Office parties are so last year. Companies looking to do more to honor their employees are stepping out of the box and coming up with more meaningful, creative ways to show recognition to hard working staff over the holiday season.
Many companies are finding that younger workers, in particular, aren’t as interested in the standard holiday fare–office parties with egg nog and trinket gifts. Rather than blowing budgets on traditional holiday parties, they’re sponsoring shopping sprees and cruises to celebrate the end of the year. Others are tapping into the giving spirit of the season and sponsoring volunteer activities that they say are not only fun for employees but good for business as well.
See how these innovative companies are celebrating the holiday season:
Voices.com, an online marketplace connecting businesses with professional voice talent, holds a holiday desk decorating contest and connects the fun contest with the giving spirit of the season. The winner, as determined by number of votes received from other staff members, gets to select a gift valued around $100 to donate to those in need through the World Vision online catalogue. Last year, the winner donated three pigs to generate income for a struggling family.
The friendly competition infuses the office with fun and laughter, but the real prize is having the opportunity to help others. Cofounder Stephanie Ciccarelli argues tapping into the giving spirit of the season helps to foster a connection between the company and employees. “Gifts and bonuses, while great things, only go so far. When you’re trying to impact people on the heart level, you need to beyond what’s expected and dare to give,” she says.
Plus, the desk decorating contest always produces some great photos, which Voices.com posts on their social media pages and corporate site and uses as a recruiting tool. “The photos are able to speak to our company culture and invite others to learn more about us,” says Ciccarelli.
The global marketing and technology agency, DigitasLBi offers employees the chance to give back, and get a little something for themselves, too. Their Boston office sets up a “Giving Tree”–a tree that contains tickets for items for children in need–such as books, crayons or baby socks. Items are typically small, costing as little as $5. Employees take a ticket (or two), purchase the item specified and place the gift under the “Giving Tree” in exchange for a raffle ticket. In the past, some of the raffle prizes have included a free dinner for two, gift certificates or a night at a hotel. The “Giving Tree” allows employees to feel part of a larger community, while rewarding themselves for their hard work and dedication over the year as well.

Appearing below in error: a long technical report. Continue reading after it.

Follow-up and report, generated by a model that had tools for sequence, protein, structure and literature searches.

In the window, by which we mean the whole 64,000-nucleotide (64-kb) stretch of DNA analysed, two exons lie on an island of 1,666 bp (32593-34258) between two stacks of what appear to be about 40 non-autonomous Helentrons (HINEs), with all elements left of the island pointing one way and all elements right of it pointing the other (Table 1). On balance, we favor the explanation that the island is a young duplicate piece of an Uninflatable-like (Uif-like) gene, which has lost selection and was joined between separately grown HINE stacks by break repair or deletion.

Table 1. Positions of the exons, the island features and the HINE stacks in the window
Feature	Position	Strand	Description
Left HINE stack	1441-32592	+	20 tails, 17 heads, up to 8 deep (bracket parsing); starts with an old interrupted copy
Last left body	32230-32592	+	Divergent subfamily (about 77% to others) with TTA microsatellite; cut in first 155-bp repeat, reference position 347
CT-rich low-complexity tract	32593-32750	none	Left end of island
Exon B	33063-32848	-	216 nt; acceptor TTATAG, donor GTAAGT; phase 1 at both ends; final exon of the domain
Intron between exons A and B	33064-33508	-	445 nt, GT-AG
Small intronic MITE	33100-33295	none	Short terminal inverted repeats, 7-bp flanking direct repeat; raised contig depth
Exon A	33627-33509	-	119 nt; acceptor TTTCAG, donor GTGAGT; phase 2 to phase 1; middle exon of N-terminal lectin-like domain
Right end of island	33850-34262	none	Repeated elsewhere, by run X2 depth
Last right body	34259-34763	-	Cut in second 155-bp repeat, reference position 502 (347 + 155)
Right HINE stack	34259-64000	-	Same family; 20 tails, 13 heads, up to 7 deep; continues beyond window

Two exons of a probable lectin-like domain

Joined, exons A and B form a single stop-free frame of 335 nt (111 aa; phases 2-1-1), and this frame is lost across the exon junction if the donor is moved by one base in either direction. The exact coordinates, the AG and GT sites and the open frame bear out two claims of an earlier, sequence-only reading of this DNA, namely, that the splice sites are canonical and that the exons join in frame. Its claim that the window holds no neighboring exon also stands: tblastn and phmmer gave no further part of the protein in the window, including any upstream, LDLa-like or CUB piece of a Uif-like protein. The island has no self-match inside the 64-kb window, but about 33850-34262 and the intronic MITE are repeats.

For the last four years, Konnect Public Relations has told their 30 employees to pack their bags while the entire office takes part in an experiential holiday trip filled with adventure, food and fun. To date, trips have included a four-day ski getaway to Lake Tahoe, a two-day tour of California’s wine country and a three-day cruise to Mexico.
“Holding an obligatory party, where people often drink too much and have no decent memories was not for us,” says Konnect PR’s CEO Sabina Gault. Instead, to reward employees for a year of hard work–and allow for an opportunity for some extended team building–the company decided to embark on a group holiday. “A trip provided a unique experience for the employees to be together outside the office and bond in a deeper way.
By taking the party elsewhere, it allows people to get out of their element and actually let go and have fun and create memories [that last] the entire year,” says Gault. Employees return to the office with a renewed investment in the company and are well rested and prepared to continue their hard work the next year.
The technology-solutions company Processing Point hosts an annual shopping event in which employees are given between $300-$500 (depending on the year’s budget) to hit the stores. There’s only one condition: they must buy gifts for children. These gifts are then donated to local children’s charities. “I believe the employees feel a real sense of success by feeling the impact that the company can make in the community,” says CEO Chad Buckmaster, who argues most people want to do charitable activities around the holiday season, but lack their own financial resources and time to do so.
“This was a way our team could be a part of something special and still feel connected to the contribution, since it was their hard work and dedication throughout the year that allowed for such an event, and their time and thought [that goes into] picking out the gifts,” says Buckmaster.
Buckmaster says providing employees with the opportunity to tap into their charitable side also provides tangible benefits to the business, more so than monetary gifts such as traditional holiday bonuses. “Compensating employees with salaries, bonuses and benefits is very important but sometimes companies miss the connection between the business’s success and the employee’s feeling of contributing to that success. When you do something like this, the team as a whole sees that the company is doing well and that it cares about more than just the bottom line, which not only gives them pride when they remember the long hours worked and the effort they put in, but also gives them a renewed sense of purpose,” says Buckmaster.